What is your favorite piece of Da Vinci?
I absolutely love one of his self-portraits, a simple line drawing of his face, and if you stare into his eyes and study his facial expression, you can see into his mind, and see how thoughtful, creative, and observant he was. He genuinely saw the world around us and was a wonderful observer of nature and promoted observation in order for us to truly absorb the impact of beauty.

How has your sculpting helped you with not just the understanding of the human face, but how it also helped you be a better dentist?
When you are performing dentistry or cosmetic surgery, you have to be aware of all the different structures. I couldn’t be the dentist I am today or feel that I am without this background knowledge. My early experience with sculpting enabled me to see more deeply into a structure. All day long in dentistry, I’m sculpting by shaping teeth and smiles; I’m forming lips, and looking at the entire face.  I build my sculptures from the inside out, I build the skeleton first, then I put on the muscles and I put on the skin. In the same way in dentistry and probably in plastic surgery, we should be looking at the skeletal system underneath. If a patient has a bad bite, we need to correct the skeletal system as well as the teeth which also have an impact on the facial structure and the smile. Sculpting is drawing in three dimensions,  drawing is the short hand of observation and design, and being able to draw is the quick study and sculpting is the creation of it building from the inside out delivering the most optimal final result that you can achieve.  I sculpt out of both passion and because it enables me to be a better dentist in helping my patients by being able to fully understanding the impact of what I do and create the best treatment plan.

How did Da Vinci’s influence your lip replica?
The lip replica is a 3-dimensional reference point for our laboratory technician or myself to either wax sculpt the teeth or create the ceramics, which is another technique that ensures facial and smile harmony. The lip replica was the first early reference in saying, how can anybody remotely create teeth in harmony with the face by just photographs; you really have to try them. Today I don’t necessarily do the lip replica, because I have my laboratory here, but between my photographs and computer design, I can create teeth that are in harmony by creating perfect Provisionals or temporary veneers. Then I duplicate that in the final ceramics, which helps decrease patient anxiety because there is excellent predictability of the outcome and we get to test drive the veneers before we actually make the ceramic ones by making beautiful temporaries.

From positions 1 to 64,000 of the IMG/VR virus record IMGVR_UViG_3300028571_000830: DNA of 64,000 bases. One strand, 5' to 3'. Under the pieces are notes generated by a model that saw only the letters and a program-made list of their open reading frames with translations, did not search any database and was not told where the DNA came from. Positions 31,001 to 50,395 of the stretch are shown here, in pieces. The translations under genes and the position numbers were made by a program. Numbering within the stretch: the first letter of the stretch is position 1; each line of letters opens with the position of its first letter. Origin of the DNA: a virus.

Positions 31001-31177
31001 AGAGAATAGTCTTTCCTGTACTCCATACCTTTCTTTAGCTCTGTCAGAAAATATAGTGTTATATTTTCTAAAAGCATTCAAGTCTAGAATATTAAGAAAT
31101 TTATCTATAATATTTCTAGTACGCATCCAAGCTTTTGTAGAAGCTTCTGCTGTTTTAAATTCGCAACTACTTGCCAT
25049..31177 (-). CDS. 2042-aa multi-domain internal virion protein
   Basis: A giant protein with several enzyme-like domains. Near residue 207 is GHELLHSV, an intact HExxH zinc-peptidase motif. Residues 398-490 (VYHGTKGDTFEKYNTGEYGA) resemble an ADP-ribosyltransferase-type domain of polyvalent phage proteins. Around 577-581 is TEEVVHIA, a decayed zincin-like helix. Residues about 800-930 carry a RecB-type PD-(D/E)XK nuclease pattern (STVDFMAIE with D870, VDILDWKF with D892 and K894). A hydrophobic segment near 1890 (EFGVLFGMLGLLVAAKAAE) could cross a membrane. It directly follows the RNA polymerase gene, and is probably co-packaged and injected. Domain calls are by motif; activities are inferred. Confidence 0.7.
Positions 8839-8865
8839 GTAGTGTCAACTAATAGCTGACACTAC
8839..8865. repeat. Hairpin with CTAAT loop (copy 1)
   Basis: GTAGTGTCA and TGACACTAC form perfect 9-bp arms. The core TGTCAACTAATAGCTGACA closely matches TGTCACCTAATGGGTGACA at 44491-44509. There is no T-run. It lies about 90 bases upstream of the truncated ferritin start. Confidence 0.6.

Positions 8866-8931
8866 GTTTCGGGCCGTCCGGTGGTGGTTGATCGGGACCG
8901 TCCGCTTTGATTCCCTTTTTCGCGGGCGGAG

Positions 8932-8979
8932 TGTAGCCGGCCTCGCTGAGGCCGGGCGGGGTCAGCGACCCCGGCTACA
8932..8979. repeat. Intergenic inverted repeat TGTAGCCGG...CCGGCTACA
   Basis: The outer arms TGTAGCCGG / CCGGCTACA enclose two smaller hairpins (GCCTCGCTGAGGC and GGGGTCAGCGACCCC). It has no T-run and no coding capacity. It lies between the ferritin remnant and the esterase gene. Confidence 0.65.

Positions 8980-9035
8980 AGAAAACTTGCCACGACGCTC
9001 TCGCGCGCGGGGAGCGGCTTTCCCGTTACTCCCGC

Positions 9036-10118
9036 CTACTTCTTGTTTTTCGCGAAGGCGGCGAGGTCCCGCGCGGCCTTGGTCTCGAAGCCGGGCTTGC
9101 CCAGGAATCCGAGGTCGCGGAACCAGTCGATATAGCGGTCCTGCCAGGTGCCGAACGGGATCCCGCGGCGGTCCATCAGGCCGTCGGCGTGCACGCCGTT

As well as being a painter and a sculptor, Da Vinci was a also a technological innovator and conceptualized flying machines, armored machines, solar, adding machines to name a few. What’s your take on that, and are you able to incorporate any of that diversity into your approach with aesthetics.
Leonardo da Vinci, being the polymath genius that he was, was able to bring it all together, and in dentists and probably as cosmetic surgeons, we need to be mindful of the interaction and the interrelationship of everything. Da Vinci not only created beauty, but beauty to function. In dentistry we have to make things work, which is where Da Vinci had strong abilities, to look deeper into the total meaning of the beauty not only the symmetry, but the functionality. Cosmetics are a form of health by creating symmetry, balance, and proper function.  In dentistry, we have to be able to eat and speak with these restorations on our teeth. It is imperative that dentistry and cosmetics are built upon a foundation of health, function, predictability, and longevity.


To listen to Dr. Laurence Rifkin’s interview at Aesthetic Insider™ Radio, CLICK HERE!



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To learn more about Dr. Rifkin, visit www.drlaurencerifkin.com and www.suite1200.com.